Manitouwadge looking at shrimp farming as a possible industry
Manitouwadge EDO points to successful shrimp farm in Sudbury as an example to follow
The Township of Manitouwadge is looking at opportunities to participate in Ontario's aquaculture industry, and shrimp farming is the preferred option.
Florence MacLean, the town's economic development officer, has been working on the concept for several months.
She said there are two basic types of systems that can be used in aquaculture: a water based (lake) system or a land based system that uses man made ponds or runs.
She said initially the town had thought about farming fish like walleye or trout in some of the area's many lakes.
"For Manitouwadge, you think about the community and you think about lakes and water," she said. "And I think initially that's why we started looking at it. It's a remote community. The water temperature stays cold. We have lots of lakes. Lets look at what the opportunities are in the community."
But MacLean said a study that examined the possibility of aquaculture in Manitouwadge made several recommendations, and pretty much ruled out using the local lakes.
"What we found when we did the study was the fish need to grow in very deep lakes and Manitouwadge doesn't have that," she said. "We have lots and lots of shallow lakes and rivers. So what we found in the final report and the recommendation to council is that we should consider a land based facility."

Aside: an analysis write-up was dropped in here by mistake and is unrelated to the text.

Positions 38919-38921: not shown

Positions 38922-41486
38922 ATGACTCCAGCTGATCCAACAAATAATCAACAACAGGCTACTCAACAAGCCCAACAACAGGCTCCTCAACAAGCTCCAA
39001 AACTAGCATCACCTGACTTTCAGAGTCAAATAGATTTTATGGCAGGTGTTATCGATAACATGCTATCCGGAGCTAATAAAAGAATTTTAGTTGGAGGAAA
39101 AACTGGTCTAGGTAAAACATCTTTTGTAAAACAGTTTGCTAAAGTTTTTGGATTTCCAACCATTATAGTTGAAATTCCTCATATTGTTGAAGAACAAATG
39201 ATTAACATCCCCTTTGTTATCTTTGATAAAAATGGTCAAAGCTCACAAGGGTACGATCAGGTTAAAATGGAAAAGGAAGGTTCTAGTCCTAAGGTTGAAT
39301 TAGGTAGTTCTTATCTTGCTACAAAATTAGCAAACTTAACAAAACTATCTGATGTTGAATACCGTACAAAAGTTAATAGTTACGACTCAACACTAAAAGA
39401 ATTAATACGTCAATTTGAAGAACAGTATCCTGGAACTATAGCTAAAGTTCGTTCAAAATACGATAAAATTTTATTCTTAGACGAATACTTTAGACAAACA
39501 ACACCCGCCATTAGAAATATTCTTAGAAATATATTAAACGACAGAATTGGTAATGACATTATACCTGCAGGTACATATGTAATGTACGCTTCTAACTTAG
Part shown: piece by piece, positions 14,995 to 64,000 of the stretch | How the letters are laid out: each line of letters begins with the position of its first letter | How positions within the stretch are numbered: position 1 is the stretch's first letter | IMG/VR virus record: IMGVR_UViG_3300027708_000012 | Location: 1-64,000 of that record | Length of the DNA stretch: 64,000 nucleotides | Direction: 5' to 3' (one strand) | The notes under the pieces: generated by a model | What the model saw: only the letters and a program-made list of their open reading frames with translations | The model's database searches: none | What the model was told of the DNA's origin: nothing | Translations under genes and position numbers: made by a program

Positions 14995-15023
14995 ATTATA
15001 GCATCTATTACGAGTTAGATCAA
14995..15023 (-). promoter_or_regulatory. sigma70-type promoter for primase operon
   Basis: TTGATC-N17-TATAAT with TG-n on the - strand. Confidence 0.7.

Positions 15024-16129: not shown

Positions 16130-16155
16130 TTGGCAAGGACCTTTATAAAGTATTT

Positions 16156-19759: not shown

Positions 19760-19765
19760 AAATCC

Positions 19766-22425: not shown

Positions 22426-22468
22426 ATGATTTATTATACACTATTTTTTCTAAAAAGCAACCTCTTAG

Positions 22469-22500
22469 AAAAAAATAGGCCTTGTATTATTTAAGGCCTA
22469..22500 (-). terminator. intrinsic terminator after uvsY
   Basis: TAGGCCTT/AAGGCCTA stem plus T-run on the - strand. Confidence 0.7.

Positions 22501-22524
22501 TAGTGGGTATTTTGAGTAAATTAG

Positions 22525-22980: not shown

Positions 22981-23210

Interestingly enough, the species that was identified as having the highest potential economic opportunity was not trout, but shrimp.
MacLean noted that there is already a shrimp facility in Sudbury that she deemed quite successful.
"I think because (shrimp) have such a short grow cycle that you can grow a batch in 5 or 6 months," she said. "For that reason that was one of the opportunities at the highest level."
In a release, the Township of Manitouwadge noted aquaculture is an increasingly popular form of farming in Ontario.
At present more than 40 species of fish are eligible to be raised in Ontario including tilapia, four species of trout, arctic char, yellow perch and even walleye.
The report also said about 50 per cent of seafood consumed worldwide is now derived from aquaculture.
MacLean said an aquaculture industry in Manitouwadge would result in increased economic and social impacts for residents, businesses, and north shore communities.
"Any community could feasibly operate an aquaculture facility with success," said MacLean. "I think the success comes from communities working together to create an industry ... of enough fish that it can be exported cost effectively."
MacLean said having an aquaculture facility in Manitouwadge will require a private company taking it on as a business venture.
She said it is also something that would need the help and involvement of local municipalities and First Nations to be successful.